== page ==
What is Swedish Massage?

Swedish Massage, which originated in Sweden, hence the name, is really the ‘classic’ form of massage of that we think of in the Western world. The techniques used such as stroking and gliding, kneading, rubbing, tapping or pounding and vibration are probably those you think of when you think of a massage. Swedish Massage can be adapted in terms of pressure, techniques and areas worked according to your needs. Swedish massage is exceptionally beneficial for increasing the level of oxygen in the blood, decreasing muscle toxins, improving circulation and flexibility while easing tension.

What happens during a treatment?

After a medical and lifestyle consultation, you will remove your clothing over the areas to be worked and lie under the covers of the therapy bed. A massage oil such as Soothing Massage Oil, Aromatic Massage Oil or if you’ve fused this with Aromatherapy, a tailored blend of essential oils in a carrier oil will be applied and each area worked. A full body massage can additionally include a comforting abdominal massage which is great for those with digestive problems. We don’t use set routines here at Fusion Therapies, so we will work your problematic areas and those that we find during the treatment.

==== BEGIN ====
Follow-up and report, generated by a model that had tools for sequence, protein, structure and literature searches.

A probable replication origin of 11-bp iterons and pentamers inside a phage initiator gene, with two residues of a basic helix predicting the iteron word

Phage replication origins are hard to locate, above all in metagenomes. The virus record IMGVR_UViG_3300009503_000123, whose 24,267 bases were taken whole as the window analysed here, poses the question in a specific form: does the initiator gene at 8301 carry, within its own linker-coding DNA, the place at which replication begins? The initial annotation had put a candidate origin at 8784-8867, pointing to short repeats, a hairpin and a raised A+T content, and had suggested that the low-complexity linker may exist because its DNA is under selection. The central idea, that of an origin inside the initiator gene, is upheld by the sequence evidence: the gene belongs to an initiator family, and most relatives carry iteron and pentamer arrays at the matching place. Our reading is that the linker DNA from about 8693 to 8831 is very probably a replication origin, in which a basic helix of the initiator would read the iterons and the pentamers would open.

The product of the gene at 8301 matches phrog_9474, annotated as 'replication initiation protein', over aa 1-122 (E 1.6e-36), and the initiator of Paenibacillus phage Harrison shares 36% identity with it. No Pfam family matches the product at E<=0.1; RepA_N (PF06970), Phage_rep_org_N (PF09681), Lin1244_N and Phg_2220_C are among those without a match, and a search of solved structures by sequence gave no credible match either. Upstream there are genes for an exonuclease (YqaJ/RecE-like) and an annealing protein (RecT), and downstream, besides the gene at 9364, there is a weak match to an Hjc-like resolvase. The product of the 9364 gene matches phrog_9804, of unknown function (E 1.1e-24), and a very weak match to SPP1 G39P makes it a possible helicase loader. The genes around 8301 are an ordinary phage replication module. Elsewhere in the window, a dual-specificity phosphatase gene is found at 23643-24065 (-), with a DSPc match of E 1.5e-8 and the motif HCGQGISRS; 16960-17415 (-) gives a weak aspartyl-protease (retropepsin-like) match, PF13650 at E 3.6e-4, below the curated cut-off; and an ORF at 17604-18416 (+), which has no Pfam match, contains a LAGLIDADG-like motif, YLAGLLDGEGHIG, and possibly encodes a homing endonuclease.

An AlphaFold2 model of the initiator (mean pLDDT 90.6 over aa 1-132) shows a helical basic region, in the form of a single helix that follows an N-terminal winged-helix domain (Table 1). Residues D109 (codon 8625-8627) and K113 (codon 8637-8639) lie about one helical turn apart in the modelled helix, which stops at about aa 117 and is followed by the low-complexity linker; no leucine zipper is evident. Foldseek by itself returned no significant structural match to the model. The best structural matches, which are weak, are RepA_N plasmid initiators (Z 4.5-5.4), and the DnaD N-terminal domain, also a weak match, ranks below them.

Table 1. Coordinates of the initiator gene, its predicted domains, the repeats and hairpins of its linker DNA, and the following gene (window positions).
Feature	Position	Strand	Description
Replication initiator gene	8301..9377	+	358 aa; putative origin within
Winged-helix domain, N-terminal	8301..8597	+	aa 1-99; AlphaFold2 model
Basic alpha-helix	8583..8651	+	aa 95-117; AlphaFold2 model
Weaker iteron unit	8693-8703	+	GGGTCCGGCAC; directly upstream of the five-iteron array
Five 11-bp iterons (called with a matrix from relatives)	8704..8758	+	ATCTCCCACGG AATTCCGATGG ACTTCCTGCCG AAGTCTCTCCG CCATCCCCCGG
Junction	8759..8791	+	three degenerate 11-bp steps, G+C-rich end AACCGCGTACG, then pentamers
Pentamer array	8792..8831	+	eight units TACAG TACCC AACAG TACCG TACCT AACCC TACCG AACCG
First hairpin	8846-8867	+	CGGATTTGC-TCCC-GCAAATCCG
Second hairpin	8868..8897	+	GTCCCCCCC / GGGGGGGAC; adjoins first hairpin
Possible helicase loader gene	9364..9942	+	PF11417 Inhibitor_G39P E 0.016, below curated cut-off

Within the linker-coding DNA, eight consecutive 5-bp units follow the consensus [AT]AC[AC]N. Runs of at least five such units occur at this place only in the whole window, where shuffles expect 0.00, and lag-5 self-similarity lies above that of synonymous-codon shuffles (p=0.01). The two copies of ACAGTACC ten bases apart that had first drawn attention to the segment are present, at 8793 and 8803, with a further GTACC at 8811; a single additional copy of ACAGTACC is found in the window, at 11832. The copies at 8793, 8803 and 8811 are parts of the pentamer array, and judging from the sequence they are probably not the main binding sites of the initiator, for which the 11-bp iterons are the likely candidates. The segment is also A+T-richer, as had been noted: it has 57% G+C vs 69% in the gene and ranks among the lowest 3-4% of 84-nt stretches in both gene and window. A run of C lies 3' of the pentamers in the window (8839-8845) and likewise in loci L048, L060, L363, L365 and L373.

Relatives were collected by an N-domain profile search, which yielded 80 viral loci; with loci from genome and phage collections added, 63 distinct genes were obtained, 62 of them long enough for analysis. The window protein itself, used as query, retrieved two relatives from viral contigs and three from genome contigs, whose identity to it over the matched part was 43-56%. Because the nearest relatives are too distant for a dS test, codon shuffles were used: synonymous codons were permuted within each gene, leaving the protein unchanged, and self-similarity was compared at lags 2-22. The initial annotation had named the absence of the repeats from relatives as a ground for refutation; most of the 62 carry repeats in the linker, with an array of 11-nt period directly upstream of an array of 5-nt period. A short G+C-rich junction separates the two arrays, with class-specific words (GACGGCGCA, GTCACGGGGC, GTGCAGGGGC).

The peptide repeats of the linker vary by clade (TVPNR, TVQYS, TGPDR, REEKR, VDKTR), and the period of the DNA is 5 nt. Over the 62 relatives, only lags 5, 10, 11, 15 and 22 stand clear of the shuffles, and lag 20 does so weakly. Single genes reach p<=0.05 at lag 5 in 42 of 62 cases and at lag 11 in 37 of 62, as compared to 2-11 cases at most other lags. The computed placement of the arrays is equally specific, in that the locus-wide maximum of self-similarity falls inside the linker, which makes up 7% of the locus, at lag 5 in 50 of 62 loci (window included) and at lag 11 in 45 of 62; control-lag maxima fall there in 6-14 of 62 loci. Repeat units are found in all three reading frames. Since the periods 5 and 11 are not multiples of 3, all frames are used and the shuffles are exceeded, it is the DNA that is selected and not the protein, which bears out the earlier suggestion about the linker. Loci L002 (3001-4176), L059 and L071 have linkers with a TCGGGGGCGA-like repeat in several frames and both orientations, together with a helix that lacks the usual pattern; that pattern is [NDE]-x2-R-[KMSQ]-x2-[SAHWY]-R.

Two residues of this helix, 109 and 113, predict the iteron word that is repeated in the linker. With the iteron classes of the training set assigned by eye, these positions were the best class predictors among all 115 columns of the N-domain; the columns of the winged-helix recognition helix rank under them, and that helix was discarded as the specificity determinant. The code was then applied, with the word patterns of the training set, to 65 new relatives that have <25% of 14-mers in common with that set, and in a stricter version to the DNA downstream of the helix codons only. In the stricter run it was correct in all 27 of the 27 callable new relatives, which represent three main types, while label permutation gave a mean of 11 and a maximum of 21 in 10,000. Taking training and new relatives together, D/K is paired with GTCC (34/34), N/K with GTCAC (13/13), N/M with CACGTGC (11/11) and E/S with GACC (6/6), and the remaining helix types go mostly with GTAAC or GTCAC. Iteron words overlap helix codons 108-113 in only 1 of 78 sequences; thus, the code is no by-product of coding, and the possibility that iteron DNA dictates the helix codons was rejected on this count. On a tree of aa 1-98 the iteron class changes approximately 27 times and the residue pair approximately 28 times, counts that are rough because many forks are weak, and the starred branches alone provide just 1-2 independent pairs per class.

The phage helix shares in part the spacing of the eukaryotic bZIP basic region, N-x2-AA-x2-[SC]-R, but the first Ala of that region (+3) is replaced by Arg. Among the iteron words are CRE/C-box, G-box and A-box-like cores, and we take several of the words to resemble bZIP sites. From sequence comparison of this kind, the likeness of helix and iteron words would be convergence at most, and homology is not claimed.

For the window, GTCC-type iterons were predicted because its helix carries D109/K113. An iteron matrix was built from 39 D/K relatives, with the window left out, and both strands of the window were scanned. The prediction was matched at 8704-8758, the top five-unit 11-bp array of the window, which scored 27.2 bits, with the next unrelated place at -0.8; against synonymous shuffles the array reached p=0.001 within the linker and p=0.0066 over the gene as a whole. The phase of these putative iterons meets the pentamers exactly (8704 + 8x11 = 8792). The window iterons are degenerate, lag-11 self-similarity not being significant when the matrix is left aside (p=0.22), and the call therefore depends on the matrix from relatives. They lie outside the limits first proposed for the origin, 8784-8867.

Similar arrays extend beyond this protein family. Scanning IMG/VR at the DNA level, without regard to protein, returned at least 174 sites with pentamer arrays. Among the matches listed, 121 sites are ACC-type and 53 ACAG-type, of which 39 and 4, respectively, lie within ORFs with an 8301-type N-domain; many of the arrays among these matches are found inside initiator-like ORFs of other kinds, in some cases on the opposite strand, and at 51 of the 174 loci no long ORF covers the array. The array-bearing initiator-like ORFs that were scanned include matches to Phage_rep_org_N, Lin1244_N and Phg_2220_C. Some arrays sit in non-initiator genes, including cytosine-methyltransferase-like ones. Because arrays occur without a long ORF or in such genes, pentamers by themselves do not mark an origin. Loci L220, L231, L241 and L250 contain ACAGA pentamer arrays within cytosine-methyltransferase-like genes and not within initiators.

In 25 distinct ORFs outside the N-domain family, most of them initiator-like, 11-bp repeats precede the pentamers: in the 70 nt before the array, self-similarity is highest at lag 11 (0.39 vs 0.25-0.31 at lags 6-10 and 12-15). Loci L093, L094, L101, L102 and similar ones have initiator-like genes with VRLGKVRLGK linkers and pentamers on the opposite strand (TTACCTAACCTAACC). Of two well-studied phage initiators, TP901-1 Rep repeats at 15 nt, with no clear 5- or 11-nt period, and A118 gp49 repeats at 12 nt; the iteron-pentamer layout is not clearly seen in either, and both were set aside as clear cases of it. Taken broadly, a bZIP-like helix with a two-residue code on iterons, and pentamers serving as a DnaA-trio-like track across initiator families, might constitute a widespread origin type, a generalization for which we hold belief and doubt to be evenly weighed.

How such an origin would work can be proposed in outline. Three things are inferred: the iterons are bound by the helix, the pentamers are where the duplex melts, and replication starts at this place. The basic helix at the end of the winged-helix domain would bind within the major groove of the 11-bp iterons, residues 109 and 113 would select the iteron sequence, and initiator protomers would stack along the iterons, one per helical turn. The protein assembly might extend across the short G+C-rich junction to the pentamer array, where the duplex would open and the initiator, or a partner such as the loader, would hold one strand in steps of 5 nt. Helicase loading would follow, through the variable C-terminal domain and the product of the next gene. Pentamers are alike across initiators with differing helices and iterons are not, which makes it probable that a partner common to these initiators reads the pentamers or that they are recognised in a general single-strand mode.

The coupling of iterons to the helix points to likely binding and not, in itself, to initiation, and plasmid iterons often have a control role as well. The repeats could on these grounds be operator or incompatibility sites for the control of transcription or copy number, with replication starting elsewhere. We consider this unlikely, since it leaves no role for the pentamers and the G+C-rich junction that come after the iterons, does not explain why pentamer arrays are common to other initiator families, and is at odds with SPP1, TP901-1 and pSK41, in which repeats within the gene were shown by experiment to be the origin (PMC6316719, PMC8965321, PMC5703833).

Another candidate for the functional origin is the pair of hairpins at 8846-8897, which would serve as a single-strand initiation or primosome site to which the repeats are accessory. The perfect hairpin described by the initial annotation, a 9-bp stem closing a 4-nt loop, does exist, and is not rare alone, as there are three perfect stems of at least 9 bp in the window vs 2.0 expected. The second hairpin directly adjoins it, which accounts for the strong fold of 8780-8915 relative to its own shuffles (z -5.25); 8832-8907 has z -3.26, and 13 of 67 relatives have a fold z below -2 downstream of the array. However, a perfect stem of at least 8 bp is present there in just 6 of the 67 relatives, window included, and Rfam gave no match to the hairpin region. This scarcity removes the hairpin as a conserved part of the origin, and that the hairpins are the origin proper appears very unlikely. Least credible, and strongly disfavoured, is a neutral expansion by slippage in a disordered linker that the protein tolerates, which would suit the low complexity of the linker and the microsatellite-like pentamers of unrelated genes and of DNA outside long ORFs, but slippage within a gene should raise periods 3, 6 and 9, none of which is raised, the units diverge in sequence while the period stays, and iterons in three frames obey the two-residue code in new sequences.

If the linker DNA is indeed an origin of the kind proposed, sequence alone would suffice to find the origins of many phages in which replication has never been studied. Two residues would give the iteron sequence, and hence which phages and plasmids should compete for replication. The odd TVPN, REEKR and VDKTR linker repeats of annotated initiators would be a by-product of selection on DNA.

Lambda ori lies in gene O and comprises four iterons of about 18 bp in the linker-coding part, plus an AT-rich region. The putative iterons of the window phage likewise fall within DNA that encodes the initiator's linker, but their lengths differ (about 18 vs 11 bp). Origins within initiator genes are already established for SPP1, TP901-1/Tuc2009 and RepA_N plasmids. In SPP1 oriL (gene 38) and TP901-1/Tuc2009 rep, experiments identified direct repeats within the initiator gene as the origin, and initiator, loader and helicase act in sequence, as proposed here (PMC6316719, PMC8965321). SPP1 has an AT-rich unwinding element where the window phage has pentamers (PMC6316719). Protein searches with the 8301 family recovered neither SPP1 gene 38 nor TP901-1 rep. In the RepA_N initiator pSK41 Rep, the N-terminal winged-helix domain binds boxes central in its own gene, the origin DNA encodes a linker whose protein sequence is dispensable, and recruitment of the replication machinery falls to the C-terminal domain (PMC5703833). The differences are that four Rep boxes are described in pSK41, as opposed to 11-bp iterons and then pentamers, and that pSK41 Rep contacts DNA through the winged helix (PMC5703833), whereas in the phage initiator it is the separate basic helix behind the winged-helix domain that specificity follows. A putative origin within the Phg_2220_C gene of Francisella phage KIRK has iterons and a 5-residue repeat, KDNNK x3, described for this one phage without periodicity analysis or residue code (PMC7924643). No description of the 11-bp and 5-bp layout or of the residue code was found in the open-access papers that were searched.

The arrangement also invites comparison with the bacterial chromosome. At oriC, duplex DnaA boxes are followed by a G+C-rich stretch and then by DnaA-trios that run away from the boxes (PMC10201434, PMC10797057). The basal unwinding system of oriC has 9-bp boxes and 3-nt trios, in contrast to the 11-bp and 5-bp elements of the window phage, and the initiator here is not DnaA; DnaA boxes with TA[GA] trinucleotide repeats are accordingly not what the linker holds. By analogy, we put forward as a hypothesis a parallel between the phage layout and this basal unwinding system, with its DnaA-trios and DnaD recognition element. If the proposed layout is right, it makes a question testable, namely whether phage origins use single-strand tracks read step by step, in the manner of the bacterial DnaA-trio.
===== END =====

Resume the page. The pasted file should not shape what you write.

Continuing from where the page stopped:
Who is it good for?

What does Swedish Massage ‘fuse’ well with?

Swedish Massage fuses well with therapies such as AromatherapyEar Candling, Indian Head Massage, Reflexology, Reflexology Lymphatic Drainage and Reiki.

Find out more

Study Determines Optimal Dose of Massage for Osteoarthritis of the Knee Pain Research

Massage therapy and exercise therapy in patients with multiple sclerosis: a randomized controlled pilot study

Effects of Swedish Massage on the Improvement of Mood Disorders in Women with Breast Cancer undergoing Radiotherapy

Acute Swedish Massage Monotherapy Successfully Remediates Symptoms of Generalized Anxiety Disorder: A Proof-of-Concept, Randomized Controlled Study

Effects of Swedish massage therapy on blood pressure, heart rate, and inflammatory markers in hypertensive women